Four people remain hospitalized after a deadly shooting rampage at Fort Hood Wednesday that ended when the gunman committed suicide.
Officials with Scott & White Memorial Hospital in Temple on Friday said three patients are in fair condition while a fourth person is in good condition. The three patients in fair condition had their conditions upgraded Friday, but are still expected to remain in the hospital for several more days. The patient listed in good condition is expected to be discharged Friday.
Authorities initially said just three seriously injured victims were still at the Central Texas hospital late Thursday. The information was later updated to indicate a person listed as discharged was still hospitalized but in good shape.
Hospital officials had no information about patients being treated elsewhere, including at a base hospital. But because Scott & White is the area's only trauma center, the patients with the most serious injuries were probably taken there.
Those wanting to help the post recover after this recent tragedy can donate to the Directorate of Family, Morale, Welfare and Recreation at 254-287-8106 or 254-286-5346. The military group said gift cards and monetary gifts will meet the largest needs. Monetary donations can also be made to the Central Texas - Fort Hood Chapter of the Association of the United States Army at 254-532-2493.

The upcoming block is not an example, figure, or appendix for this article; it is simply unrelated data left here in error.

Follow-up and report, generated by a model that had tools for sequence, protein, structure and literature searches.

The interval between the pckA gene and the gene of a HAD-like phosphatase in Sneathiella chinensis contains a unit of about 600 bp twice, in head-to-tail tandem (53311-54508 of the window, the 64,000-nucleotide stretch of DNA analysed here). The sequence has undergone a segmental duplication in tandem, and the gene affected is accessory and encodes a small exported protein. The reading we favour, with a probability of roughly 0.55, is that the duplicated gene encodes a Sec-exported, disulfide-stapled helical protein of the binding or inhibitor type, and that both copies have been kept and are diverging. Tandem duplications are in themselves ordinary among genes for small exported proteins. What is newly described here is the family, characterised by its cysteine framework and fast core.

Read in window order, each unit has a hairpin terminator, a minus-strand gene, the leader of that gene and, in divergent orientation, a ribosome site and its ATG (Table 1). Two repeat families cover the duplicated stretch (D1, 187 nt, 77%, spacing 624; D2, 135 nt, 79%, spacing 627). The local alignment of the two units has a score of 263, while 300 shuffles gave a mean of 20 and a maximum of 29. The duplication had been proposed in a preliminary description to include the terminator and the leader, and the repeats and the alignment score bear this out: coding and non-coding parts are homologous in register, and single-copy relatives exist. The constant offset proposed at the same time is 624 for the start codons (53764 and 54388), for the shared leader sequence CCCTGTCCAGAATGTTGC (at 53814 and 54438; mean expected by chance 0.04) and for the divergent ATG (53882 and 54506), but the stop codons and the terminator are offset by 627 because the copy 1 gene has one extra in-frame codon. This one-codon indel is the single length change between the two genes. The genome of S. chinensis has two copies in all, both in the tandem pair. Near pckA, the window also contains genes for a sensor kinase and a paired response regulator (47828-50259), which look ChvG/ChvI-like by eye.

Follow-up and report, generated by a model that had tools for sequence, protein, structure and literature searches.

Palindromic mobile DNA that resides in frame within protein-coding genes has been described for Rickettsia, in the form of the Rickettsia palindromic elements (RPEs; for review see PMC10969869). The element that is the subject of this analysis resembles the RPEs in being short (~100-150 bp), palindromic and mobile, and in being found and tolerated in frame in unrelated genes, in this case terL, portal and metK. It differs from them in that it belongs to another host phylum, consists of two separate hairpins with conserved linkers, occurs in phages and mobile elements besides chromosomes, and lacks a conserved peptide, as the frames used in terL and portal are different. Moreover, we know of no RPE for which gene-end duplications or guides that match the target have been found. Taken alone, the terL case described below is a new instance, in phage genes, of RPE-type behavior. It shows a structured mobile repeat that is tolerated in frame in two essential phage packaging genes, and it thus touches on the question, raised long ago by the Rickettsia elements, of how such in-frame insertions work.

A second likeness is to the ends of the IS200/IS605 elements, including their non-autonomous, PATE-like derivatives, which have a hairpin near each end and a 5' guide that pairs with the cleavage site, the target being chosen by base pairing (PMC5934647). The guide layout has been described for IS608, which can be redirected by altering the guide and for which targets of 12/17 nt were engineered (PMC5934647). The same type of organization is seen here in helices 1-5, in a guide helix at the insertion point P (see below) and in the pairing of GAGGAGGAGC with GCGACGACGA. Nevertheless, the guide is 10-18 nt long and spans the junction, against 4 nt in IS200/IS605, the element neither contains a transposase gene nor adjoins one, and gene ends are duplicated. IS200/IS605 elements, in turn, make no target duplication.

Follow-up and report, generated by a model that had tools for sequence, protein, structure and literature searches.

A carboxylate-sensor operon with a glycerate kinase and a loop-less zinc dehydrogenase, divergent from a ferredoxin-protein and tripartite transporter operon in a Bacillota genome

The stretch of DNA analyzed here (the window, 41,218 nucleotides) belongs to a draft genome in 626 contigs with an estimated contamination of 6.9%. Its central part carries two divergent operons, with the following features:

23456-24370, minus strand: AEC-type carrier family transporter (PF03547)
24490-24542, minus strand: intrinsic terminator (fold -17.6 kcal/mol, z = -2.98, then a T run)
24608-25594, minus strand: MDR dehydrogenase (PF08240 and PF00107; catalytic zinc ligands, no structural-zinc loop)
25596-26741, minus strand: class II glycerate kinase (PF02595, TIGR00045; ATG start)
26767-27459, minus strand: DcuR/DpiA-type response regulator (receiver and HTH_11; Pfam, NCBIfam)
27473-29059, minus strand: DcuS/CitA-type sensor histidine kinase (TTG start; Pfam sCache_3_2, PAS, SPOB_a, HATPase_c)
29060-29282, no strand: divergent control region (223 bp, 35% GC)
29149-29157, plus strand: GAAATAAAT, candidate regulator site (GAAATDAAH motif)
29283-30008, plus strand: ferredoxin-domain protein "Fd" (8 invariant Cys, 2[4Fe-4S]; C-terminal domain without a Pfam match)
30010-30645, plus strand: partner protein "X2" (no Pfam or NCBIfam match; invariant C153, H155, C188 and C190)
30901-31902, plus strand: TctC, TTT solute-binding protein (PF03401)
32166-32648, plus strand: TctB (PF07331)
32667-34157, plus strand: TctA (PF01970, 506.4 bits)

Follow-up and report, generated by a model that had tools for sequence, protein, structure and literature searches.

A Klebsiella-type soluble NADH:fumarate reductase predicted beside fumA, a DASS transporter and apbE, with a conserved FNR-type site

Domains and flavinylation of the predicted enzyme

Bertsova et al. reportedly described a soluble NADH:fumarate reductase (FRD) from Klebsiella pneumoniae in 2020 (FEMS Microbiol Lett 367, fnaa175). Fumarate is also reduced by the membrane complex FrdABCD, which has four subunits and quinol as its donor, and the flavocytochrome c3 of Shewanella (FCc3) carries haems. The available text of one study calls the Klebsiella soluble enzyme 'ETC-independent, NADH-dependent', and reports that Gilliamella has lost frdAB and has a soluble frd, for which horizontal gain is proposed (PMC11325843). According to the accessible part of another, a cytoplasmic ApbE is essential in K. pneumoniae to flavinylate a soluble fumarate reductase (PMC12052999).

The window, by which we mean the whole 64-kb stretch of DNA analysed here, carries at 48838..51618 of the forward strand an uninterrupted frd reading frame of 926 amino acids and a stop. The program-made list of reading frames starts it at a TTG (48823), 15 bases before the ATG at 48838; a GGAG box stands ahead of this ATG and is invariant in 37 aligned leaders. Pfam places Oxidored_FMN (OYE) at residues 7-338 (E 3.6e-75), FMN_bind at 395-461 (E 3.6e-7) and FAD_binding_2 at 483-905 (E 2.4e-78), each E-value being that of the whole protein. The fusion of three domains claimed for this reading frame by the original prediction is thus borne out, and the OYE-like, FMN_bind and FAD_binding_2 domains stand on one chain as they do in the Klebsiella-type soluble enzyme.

Perry, Cruz to Visit Fort Hood
Gov. Rick Perry and U.S. Sen. Ted Cruz traveled Fort Hood Friday to visit with the victims of the shooting.
Perry told a media gathering Friday that he saw the "resilience" of military families recovering from the mass shooting.
He says there "aren't any easy answers" to what prompted Spc. Ivan Lopez to fire on fellow soldiers. Lopez killed three people before fatally shooting himself.
Flags are flying at half-staff on Friday to honor the victims of the shooting.
Profile of Shooter Emerges
Wednesday's shooting spree has been blamed on Spc. Ivan Lopez, who turned his gun on himself after killing three people and wounding 16 others.
Post officials said the Army truck driver from Puerto Rico underwent treatment for depression and anxiety and was being evaluated for post-traumatic stress disorder.
Lt. Gen. Mark Milley, senior officer at the nation's largest Army base, said there was a "strong indication" that Lopez was involved in a verbal altercation shortly before the shooting, though it doesn't appear he targeted specific soldiers during the attack. But investigators also are focusing on his mental health.
"We have very strong evidence that he had a medical history that indicates unstable psychiatric or psychological condition," Milley said. "We believe that to be a fundamental, underlying cause."
Lopez bought the weapon he used in the attack at Guns Galore in Killeen -- the same store, just off the base, where Army psychiatrist Nidal Hasan purchased an FN 5-7 tactical pistol that he used it to kill 13 people and wound more than 30 others in a November 2009 shooting on the base.
NBC 5's Greg Janda and writers for the Associated Press contributed to this report.